Five Minute Lottery

Recreating (and advancing) pk’s censored domains: & / Personal / Writing / Letters /

an email to my son
who already knows that I wrote fiction as my primary ambition from 1948 to 1990 without ever getting any of it published. I figured that was enough and turned exclusively to the kind of writing you see at and Macroinformation: which further earns me not one cent. But I’m a writer. That’s what I said I’d do. That’s what I do do. Paying me isn’t up to me: beyond half a century of rejected submissions.

Used to be I’d think of story ideas and think maybe I’d remember them someday when I was being less lazy, less cautious, suffering less accedia. Most of those where lost as ideas by my twenties. Then I’d scribble or type very brief notes. The Model [First Week] had been mentally filed and had had fulcra jotted well before I actually sat down and typed “All right, What’s next?”

This past decade-point-three I’d commenced no fiction. King was the last “finished”; Primitive Access was the last with any kind of a complex beginning begun. These days I do keep a data base in which I jot story notes: most of that impulse gets siphoned off into expository or satirical ideas for Essays, narratives, instead of woven fictions.

But a story formed itself in my mind at breakfast that I think I’ll share with you, scribbling an email first, then moving it to the db.

The Five Minute Lottery of One Thousand Cuts

You know my shtick about law and enforcement and perceptual thresholds: action triggers. I last articulated it after seeing Minority Report. The cops predict a murder at an address at a time. They’re there. They watch idly as the husband goes to work, as the wife prepares for a lover, as the lover arrives, as the two go to the master bedroom, as the husband comes home for his whatever he forgot, as the husband practically pukes and wets himself as the wife and lover go at it. Nothing is a crime here until the husband picks up a scissors and stabs somebody. Now the police move in and arrest him.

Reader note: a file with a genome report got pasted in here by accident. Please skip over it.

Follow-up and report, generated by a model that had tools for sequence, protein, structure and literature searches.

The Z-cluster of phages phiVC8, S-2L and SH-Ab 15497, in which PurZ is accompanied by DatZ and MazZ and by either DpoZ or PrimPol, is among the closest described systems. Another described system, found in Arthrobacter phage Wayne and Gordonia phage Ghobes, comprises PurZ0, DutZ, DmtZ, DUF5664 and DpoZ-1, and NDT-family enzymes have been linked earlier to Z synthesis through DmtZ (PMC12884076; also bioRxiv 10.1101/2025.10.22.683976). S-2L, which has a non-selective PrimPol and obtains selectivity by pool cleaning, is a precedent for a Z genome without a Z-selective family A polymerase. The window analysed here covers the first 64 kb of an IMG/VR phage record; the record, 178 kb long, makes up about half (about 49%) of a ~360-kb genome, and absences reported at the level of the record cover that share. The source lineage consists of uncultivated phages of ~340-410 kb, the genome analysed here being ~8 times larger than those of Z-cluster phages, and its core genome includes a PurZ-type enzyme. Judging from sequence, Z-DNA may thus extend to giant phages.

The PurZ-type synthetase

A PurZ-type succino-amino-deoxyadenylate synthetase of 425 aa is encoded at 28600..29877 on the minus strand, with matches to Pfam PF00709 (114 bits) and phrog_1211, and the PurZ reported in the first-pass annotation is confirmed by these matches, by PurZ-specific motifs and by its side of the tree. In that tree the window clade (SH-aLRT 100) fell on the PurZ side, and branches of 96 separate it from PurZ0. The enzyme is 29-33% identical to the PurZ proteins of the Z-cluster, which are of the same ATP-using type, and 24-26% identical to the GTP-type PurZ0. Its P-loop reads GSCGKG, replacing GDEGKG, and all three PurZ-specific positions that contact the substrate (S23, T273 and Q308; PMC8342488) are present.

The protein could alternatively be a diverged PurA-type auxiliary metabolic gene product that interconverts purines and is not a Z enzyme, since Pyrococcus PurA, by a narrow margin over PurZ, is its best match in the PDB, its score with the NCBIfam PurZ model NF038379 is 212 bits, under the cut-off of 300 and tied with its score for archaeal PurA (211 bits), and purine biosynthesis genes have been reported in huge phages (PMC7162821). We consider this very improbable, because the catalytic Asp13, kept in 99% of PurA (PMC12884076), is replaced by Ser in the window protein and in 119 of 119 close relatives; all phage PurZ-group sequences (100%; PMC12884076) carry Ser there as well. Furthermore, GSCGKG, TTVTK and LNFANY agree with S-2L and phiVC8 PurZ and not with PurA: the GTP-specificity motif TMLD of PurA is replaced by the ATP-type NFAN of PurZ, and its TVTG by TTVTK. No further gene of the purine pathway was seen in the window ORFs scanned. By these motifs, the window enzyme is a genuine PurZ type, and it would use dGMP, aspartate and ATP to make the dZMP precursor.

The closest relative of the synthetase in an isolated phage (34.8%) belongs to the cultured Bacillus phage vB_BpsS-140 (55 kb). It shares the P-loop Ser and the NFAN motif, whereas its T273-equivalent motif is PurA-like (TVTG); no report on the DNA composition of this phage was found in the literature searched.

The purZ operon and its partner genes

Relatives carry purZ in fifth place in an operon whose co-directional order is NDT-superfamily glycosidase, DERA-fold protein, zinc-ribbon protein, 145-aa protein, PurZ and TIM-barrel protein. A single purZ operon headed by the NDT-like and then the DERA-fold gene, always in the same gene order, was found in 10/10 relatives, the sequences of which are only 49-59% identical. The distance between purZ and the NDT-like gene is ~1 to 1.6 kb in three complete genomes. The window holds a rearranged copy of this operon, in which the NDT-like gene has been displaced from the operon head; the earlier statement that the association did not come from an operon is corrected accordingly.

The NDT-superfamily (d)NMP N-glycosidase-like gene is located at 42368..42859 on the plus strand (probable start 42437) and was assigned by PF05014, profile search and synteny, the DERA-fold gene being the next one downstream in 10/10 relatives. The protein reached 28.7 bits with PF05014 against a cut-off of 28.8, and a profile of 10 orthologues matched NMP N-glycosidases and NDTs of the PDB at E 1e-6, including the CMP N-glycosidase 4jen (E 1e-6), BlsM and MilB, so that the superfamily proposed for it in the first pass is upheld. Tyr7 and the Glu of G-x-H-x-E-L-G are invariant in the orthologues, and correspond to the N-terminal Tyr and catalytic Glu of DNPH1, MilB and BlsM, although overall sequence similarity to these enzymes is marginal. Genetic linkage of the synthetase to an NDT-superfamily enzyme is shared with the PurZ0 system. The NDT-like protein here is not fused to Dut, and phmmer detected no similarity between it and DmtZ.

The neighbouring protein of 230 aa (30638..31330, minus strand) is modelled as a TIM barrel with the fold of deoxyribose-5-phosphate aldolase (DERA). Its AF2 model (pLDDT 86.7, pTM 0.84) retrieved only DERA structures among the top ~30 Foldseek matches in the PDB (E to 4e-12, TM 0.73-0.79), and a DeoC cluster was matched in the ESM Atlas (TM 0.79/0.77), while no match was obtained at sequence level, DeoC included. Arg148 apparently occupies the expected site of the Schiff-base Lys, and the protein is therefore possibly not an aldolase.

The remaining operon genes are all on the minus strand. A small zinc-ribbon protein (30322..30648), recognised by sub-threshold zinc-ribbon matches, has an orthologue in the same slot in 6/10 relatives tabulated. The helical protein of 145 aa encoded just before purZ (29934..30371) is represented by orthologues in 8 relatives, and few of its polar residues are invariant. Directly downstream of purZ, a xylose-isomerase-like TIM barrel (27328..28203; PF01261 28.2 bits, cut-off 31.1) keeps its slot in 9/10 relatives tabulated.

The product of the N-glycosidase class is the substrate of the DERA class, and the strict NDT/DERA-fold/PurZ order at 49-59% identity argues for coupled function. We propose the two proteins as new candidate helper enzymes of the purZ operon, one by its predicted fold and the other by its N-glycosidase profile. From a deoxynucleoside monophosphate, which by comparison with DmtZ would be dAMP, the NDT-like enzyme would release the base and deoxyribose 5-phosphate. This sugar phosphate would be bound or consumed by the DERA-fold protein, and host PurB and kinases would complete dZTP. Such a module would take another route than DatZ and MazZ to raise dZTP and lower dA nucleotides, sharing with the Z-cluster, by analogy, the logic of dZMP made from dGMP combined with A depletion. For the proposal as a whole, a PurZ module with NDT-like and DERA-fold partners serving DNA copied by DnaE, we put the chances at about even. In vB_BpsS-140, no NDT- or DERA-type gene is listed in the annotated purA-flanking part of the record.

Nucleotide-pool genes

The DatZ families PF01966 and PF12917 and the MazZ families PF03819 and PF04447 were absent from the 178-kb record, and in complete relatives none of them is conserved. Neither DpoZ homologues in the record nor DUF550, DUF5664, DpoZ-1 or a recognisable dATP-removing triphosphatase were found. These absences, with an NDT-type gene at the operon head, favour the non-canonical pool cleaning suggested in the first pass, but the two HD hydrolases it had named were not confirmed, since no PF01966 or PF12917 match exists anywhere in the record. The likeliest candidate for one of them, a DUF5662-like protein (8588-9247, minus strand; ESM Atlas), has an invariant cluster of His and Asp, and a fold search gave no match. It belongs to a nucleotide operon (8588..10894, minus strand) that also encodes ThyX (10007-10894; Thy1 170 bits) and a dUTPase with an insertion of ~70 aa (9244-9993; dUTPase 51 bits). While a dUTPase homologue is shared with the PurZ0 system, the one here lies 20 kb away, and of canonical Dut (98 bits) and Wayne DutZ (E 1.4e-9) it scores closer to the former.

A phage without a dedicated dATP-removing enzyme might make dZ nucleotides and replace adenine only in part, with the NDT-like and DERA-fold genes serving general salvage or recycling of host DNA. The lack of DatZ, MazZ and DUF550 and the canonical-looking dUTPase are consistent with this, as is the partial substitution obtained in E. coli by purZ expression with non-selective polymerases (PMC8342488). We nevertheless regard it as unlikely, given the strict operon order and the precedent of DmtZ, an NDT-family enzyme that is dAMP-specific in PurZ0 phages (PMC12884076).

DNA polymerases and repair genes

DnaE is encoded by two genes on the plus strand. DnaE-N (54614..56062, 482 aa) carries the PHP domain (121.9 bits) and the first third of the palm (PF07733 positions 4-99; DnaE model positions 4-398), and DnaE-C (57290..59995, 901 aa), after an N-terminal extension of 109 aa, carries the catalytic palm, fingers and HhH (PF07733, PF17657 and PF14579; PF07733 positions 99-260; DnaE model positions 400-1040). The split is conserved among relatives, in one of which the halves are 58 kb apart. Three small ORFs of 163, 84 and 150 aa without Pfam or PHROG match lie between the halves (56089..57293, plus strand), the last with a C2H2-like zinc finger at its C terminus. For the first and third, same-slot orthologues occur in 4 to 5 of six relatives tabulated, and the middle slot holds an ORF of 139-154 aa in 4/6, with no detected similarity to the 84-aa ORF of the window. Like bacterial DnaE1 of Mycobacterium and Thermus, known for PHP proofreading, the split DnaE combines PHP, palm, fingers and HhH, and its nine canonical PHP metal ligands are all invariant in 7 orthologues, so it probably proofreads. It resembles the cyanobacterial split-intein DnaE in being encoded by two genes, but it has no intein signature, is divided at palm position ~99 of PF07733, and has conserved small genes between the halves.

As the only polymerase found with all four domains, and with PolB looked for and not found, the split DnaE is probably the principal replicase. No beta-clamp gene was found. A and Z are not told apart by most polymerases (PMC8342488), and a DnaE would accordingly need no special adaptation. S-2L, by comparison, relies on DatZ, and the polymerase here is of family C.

The cops watch the capitalist cheat the laborers, then move in when the laborers freak out. The cops watch citizens abused by banks, then move in only when the cheated john goes berserk …

So this idea is about the absurdity of human justice and about thresholds: thresholds of perception and of action.

The monthly (or weekly: any period) lottery picks a name from the hat, the tumbler, the randomly sorted data base. That citizen is IT.
Five minutes later the lottery picks another name.

Citizen 2 comes forward.
Five minutes later the lottery picks one of a thousand cuts from the Chinese torture manual. Citizen 2 applies that cut to Citizen 1.

Five minutes later the lottery picks another citizen. Citizen 3 comes forward. Five minutes later the lottery picks another of the thousand cuts from the Chinese torture manual. Citizen 3 applies that cut to Citizen 1.

Now I assume that “1000” in the torture is like 40 in the bible or a million today: a symbol for a large number. Maybe citizen 1 dies at cut #994. Citizen 995 who applied cut 994 is then arrested, and tried: for homicide. Lawyers can argue that it was really Citizen 994 or Citizen 993 who’s the actual killer. No matter: the convicted could then become the next citizen #1 and the lottery could skip that selection and go right to choosing the citizen who’ll apply cut #1.

Does the manual actually have exactly 1000 cuts prescribed?
In The Journeyer, Jennings depicts the torturer with a lottery bowl: in the bowl is one cut which will kill whether delivered first, eightieth, or one thousandth. Jennings finally shows that the torturer knows exactly where that slip is at all times and can pick it from the bowl at will.

That’s neat because the hero who arrives to rescue his beloved just too late then applies the cuts to the torturer, leaving the last till last.

I know my son can decypher some of my abbreviated references, see the flower in my two-letter symbols. The random visitor will need to work, probably won’t; the fan will be rewarded: with understanding.


About pk

Seems to me that some modicum of honesty is requisite to intelligence. If we look in the mirror and see not kleptocrats but Christians, we’re still in the same old trouble.
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